Trains could soon be running again in Michoacán after teachers yesterday began lifting an 18-day rail blockade that cost the economy at least 18.5 billion pesos, although one railway company representative described the partial clearing of the tracks as “useless.”
Teachers affiliated with the CNTE union started moving off the tracks yesterday morning and last night, a Kansa City Southern train left Lázaro Cárdenas with a load of at least 235 containers.
But the railway company said that it would only travel to its station in the port city, explaining that it couldn’t resume operations because there was still a risk that the ongoing dispute between teachers and the state government could once again strand its trains.
Teachers who have been protesting against the non-payment of salaries, benefits and bonuses in Lázaro Cárdenas, Nueva Italia, Maravatío and La Piedad dismantled their camps during the course of the day yesterday but those in Pátzcuaro, Caltzontzin and Yurécuaro continued to block tracks this morning.
Isidoro Castañeda, a regional leader for the CNTE, said that although railway tracks had been cleared at some points, teachers had not returned home.
“We’re not leaving the tracks, we’re going to allow the departure of the trains and depending on the conclusions that authorities reach with our representatives we’ll decide if we once again block [the tracks] or completely withdraw,” he said.
The union said yesterday that other protests, including barricades at government offices, and a work stoppage will continue until all of its demands have been met and all outstanding payments have been made.
Michoacán Governor Silvano Aureoles said on Twitter today that progress has been made towards an agreement with the teachers.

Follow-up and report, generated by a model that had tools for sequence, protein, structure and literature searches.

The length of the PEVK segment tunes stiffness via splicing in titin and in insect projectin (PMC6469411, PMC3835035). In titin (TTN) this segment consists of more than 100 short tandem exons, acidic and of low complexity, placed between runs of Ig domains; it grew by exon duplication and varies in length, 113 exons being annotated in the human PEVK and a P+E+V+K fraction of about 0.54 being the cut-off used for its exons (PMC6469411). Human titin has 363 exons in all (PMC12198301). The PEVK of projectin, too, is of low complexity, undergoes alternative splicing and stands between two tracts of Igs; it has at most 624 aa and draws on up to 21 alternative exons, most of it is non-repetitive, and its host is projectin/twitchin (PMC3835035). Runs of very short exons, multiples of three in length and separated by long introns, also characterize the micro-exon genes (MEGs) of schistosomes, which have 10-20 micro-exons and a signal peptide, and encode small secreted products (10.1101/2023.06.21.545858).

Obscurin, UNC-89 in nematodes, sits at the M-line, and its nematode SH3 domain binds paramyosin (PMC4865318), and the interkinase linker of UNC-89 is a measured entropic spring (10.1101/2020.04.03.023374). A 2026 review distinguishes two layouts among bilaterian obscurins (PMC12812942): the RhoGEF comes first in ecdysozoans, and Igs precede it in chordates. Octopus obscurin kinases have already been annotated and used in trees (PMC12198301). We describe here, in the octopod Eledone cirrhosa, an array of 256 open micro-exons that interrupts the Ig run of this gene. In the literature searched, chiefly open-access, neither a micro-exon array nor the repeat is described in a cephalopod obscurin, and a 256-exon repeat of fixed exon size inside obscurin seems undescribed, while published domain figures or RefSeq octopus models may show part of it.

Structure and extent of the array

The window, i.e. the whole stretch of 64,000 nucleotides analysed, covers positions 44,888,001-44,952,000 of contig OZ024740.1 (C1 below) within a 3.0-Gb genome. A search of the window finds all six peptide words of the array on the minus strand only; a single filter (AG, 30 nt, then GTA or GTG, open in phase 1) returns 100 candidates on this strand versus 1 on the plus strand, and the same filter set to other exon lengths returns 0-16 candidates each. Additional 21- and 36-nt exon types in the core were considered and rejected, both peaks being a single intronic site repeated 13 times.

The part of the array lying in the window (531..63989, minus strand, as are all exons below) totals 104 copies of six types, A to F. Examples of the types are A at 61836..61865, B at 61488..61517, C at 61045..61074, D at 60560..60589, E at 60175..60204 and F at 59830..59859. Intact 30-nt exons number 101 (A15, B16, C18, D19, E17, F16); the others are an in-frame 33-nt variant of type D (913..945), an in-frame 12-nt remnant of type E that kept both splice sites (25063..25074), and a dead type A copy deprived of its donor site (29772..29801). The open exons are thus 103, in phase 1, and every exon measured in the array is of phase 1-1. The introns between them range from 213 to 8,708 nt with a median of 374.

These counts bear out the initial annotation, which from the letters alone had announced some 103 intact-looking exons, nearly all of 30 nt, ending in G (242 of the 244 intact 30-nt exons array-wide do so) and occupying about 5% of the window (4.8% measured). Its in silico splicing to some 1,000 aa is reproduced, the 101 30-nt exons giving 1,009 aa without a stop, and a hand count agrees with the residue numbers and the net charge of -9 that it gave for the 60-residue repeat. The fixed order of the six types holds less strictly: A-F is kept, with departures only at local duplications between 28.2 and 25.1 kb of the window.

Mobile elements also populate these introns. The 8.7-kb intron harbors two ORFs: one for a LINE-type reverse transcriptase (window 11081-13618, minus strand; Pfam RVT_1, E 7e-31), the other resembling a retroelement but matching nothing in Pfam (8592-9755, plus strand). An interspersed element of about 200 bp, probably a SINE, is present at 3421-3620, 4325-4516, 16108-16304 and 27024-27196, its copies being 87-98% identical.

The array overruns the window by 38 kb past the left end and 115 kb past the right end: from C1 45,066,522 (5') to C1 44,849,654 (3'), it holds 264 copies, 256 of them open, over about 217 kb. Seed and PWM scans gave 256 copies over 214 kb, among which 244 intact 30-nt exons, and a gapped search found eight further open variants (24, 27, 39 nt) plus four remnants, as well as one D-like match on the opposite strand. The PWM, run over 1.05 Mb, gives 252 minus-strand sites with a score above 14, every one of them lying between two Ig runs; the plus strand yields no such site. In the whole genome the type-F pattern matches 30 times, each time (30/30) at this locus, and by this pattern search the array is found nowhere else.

He said there was “complete commitment to find a solution to the legitimate demands of teachers” at a meeting yesterday in Mexico City between union representative and state and federal authorities.
But for rail companies and the wider private sector, for whom economic losses continue to mount, “progress” and “commitment” to a solution to the dispute is cold comfort.
Lourdes Aranda, a spokeswoman for Ferromex, said in a radio interview today that the partial clearing of the tracks was not enough to allow the company’s trains to resume service.
“For the purpose [of resuming operations] it’s useless. We have four points cleared and three blocked, the fact that they [teachers] are deployed at the side of the tracks doesn’t offer much security,” she said.
Separate estimates from the Confederation of Industrial Chambers (Concamin) and the Business Coordinating Council (CCE) relating to different periods of the 18-day rail blockade, once conflated, indicate that accumulated private sector losses have reached at least 18.5 billion pesos (US $967 million).
Lydia Nava, president of the Mexican Employers Federation (Coparmex) in Michoacán, said that even if trains resume operations today, it will take days before they are able to shift the backlog of cargo.
The private sector reported that there are 8,200 stranded shipping containers carrying 1.2 million tonnes of freight.